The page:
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[see-flawr, -flohr] /ˈsiˌflɔr, -ˌfloʊr/
the solid surface underlying a sea or an ocean.
Also called seabed.
Origin of seafloor
1850-55; sea + floor Unabridged
Based on the Random House Dictionary, © Random House, Inc. 2015.
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Examples from the web for seafloor
  • The seafloor in those parts is littered with wrecks.
  • Furthermore, they say that the sandy, seafloor habitat held little marine life-and this habitat is common in the region.
  • Now it is one of a host of countries eagerly laying claim to swathes of the seafloor that may one day yield huge riches.
  • He and his team have designed a dredge that can dislodge scallops without touching the seafloor.
  • In the simplest terms, it's a floating drilling rig and refrigerator moored to the seafloor by four groups of tethers.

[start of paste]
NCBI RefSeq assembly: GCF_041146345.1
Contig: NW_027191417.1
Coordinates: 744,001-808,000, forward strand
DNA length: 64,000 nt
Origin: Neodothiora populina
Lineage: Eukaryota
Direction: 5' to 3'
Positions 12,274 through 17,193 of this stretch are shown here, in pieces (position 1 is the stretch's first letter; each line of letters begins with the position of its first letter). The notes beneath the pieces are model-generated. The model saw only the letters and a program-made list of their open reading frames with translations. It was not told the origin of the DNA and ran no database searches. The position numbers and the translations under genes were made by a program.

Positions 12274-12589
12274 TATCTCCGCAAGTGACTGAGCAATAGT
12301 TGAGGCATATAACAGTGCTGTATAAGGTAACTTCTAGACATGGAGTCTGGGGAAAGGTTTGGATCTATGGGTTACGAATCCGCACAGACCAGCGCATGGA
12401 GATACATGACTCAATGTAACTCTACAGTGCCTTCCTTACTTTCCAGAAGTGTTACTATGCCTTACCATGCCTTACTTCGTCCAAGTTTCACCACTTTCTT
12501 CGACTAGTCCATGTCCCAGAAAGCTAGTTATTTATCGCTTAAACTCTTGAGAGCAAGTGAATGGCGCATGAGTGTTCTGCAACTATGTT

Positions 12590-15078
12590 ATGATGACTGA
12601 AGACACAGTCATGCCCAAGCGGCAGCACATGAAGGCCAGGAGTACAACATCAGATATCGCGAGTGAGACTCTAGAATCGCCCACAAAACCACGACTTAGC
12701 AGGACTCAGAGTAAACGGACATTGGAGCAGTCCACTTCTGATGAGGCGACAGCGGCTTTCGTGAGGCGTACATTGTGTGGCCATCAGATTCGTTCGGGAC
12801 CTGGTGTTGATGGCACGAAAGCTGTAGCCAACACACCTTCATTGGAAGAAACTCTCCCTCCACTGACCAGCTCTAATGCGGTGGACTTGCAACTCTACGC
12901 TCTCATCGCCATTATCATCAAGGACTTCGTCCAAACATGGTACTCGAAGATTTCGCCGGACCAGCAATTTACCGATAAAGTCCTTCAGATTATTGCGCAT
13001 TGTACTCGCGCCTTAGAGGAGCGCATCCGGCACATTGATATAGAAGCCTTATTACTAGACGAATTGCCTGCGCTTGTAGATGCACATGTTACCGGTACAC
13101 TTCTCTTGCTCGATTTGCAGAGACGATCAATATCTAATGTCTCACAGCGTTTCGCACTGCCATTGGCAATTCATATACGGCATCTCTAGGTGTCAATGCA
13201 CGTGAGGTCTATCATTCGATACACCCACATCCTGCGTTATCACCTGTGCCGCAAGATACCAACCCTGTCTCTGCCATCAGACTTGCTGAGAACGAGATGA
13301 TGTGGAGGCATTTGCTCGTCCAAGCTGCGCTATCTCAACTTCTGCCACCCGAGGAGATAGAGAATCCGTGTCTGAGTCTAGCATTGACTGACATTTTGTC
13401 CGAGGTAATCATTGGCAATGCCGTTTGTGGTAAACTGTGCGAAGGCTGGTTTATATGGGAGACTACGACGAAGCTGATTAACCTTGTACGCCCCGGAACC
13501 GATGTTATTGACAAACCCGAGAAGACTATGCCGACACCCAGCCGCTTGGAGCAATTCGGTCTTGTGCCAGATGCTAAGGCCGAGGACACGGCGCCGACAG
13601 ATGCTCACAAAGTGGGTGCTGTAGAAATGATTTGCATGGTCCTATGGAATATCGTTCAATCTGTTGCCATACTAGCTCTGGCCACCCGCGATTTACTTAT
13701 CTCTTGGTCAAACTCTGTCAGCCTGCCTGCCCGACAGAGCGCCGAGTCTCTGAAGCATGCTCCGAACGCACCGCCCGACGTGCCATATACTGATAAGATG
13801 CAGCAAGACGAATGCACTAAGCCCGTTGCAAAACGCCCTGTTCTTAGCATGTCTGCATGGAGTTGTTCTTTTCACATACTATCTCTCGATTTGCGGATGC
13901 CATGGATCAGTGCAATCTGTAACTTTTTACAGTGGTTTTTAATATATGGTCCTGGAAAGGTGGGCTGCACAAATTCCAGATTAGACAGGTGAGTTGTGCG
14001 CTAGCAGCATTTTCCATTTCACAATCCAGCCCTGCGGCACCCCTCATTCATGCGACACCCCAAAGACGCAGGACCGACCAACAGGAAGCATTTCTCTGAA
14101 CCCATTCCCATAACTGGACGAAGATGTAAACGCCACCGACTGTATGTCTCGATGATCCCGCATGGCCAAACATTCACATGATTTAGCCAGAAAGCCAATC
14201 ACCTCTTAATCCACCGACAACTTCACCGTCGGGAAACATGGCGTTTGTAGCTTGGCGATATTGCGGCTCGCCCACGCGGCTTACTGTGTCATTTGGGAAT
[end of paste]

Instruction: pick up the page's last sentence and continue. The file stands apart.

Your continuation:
• Gold said people ask him how microbial life could have gotten down to the seafloor.
  • For a show that will open next year, the task is to create a mini-diorama of the prehistoric seafloor.
  • When they die, their shells form layers on the seafloor.
  • Divers on the expedition first spotted a large anchor, the first clue that there might be some bigger find on the seafloor.
  • He said it remains unclear whether the lower reading is due to well depletion or leakage into the seafloor.

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